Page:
In the every 4 week dosing study, 4.7% of patients treated with alirocumab 300 mg once every 4 weeks/150 mg every 2 weeks exhibited an ADA response as compared to 2.6% of patients treated with placebo. In this study, patients treated with alirocumab who developed ADA had a lower incidence of injection site reactions compared with patients who did not develop ADA (8.6% vs 16.2%). 0.4% of patients treated with alirocumab 300 mg every 4 weeks/150 mg every 2 weeks developed neutralizing antibodies (NAb) on at least one occasion with no loss of efficacy observed; no NAb were observed in patients treated with control.
Immunogenicity data are highly dependent on the sensitivity and specificity of the ADA assay.
Reporting of suspected adverse reactions: Reporting suspected adverse reactions after authorisation of the medicinal product is important. It allows continued monitoring of the benefit/risk balance of the medicinal product. Healthcare professionals are asked to report any suspected adverse reactions via the national reporting system.
Drug Interactions
Effects of alirocumab on other medicinal products: Since alirocumab is a biological medicinal product, no pharmacokinetic effects of alirocumab on other medicinal products and no effect on cytochrome P450 enzymes are anticipated.
Effects of other medicinal products on alirocumab: Statins and other lipid-modifying therapy are known to increase production of PCSK9, the protein targeted by alirocumab. This leads to the increased target-mediated clearance and reduced systemic exposure of alirocumab. Compared to alirocumab monotherapy, the exposure to alirocumab is about 40%, 15%, and 35% lower when used concomitantly with statins, ezetimibe, and fenofibrate, respectively. However, reduction of LDL-C is maintained during the dosing interval when alirocumab is administered every two weeks.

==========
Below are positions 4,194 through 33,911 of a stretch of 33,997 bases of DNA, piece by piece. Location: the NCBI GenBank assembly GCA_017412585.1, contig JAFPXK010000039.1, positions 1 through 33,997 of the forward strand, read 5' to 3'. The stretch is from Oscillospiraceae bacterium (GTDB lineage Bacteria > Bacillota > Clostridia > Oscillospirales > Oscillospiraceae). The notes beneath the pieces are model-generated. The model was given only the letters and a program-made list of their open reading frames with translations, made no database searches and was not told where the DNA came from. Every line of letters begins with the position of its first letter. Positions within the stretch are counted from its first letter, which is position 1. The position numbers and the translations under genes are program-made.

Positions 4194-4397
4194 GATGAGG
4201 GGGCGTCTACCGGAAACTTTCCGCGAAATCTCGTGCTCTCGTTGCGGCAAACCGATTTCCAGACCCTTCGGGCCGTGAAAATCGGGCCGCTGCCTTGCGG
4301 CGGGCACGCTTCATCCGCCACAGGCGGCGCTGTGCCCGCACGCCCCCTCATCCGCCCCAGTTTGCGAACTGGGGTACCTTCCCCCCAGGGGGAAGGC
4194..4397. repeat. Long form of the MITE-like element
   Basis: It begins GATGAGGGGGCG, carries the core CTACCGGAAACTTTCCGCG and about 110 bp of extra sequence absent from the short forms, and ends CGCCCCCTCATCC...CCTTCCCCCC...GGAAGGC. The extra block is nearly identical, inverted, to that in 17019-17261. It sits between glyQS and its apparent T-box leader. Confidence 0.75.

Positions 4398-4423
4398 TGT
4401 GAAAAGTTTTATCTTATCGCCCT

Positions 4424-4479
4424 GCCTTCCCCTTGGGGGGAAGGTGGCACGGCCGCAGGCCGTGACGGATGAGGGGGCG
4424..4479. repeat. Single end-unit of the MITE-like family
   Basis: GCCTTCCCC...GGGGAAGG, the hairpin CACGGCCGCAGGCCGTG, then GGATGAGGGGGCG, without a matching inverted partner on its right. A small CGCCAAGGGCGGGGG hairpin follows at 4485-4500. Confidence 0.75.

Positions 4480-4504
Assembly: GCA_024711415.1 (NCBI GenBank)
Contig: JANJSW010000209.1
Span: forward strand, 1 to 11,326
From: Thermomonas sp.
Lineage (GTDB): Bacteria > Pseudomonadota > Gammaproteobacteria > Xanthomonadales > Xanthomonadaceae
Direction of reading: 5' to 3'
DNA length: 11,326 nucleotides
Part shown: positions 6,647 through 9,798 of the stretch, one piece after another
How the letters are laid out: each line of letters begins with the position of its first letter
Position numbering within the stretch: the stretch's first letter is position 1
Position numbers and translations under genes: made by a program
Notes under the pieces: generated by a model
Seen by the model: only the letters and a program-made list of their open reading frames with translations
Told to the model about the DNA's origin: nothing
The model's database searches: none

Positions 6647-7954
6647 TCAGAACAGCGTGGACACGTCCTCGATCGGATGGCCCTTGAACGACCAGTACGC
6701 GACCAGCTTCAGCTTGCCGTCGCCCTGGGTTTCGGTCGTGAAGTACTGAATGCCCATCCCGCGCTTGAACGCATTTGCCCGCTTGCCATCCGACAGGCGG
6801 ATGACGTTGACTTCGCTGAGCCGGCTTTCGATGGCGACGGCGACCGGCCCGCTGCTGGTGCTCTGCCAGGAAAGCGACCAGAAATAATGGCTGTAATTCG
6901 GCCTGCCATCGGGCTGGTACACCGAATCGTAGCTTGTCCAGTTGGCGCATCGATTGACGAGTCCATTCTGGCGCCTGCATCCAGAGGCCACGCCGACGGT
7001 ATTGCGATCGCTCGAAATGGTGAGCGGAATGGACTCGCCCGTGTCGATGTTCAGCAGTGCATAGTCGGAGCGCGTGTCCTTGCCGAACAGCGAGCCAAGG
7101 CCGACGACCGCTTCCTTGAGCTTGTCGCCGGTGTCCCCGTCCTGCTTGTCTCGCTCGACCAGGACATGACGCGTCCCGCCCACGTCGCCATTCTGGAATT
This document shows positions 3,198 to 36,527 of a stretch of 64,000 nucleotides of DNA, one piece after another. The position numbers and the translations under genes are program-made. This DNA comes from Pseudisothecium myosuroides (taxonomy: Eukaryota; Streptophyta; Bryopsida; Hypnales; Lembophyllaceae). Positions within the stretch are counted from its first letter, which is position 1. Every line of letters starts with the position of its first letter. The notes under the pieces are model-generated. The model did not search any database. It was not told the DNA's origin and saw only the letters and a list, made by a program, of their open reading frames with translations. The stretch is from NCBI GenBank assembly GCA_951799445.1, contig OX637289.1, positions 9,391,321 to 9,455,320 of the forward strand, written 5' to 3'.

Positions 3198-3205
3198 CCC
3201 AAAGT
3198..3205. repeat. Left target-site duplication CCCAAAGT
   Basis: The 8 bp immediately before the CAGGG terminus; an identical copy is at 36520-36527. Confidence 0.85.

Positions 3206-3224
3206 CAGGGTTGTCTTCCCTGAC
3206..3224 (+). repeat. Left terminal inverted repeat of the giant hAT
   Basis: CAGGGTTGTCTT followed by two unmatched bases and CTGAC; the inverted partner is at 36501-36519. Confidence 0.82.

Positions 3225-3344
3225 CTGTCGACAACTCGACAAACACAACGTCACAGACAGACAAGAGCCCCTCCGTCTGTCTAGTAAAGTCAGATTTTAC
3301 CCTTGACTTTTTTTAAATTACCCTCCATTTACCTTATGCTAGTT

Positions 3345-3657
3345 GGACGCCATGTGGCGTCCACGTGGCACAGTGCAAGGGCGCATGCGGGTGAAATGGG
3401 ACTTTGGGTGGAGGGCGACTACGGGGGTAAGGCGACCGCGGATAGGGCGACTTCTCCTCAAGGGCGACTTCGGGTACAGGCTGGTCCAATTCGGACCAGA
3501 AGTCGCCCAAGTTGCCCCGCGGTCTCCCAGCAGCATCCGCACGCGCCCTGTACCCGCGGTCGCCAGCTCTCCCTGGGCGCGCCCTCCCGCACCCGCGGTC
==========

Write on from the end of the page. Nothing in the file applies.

Caution For Usage
Special precautions for disposal and other handling: The solution should be clear, colourless to pale yellow. If the solution is discoloured or contains visible particulate matter, the solution should not be used.
After use, place the pre-filled pen/ pre-filled syringe into a puncture resistant container and discard as required by local regulations. Do not recycle the container. Always keep the container out of the sight and reach of children. Any unused medicinal product or waste material should be disposed of in accordance with local requirements.
Incompatibilities: In the absence of compatibility studies, this medicinal product must not be mixed with other medicinal products.
Storage
Store in a refrigerator (2°C to 8°C). Do not freeze.
Praluent can be stored outside the refrigerator (below 25 °C) protected from light for a single period not exceeding 30 days. After removal from the refrigerator, the medicinal product must be used within 30 days or discarded.
Keep the pen or syringe in the outer carton in order to protect from light.
Shelf-Life: Do not use later than the date of expiry.
Patient Counseling Information
ATC Classification
C10AX14 - alirocumab ; Belongs to the class of other lipid modifying agents.
Presentation/Packing
Soln for inj (clear, colourless to pale yellow solution in pre-filled pen) 75 mg/mL x 1's, 2's, 6's. 150 mg/mL x 1's, 2's, 6's.
Register or sign in to continue
Asia's one-stop resource for medical news, clinical reference and education
Sign up for free
Already a member? Sign in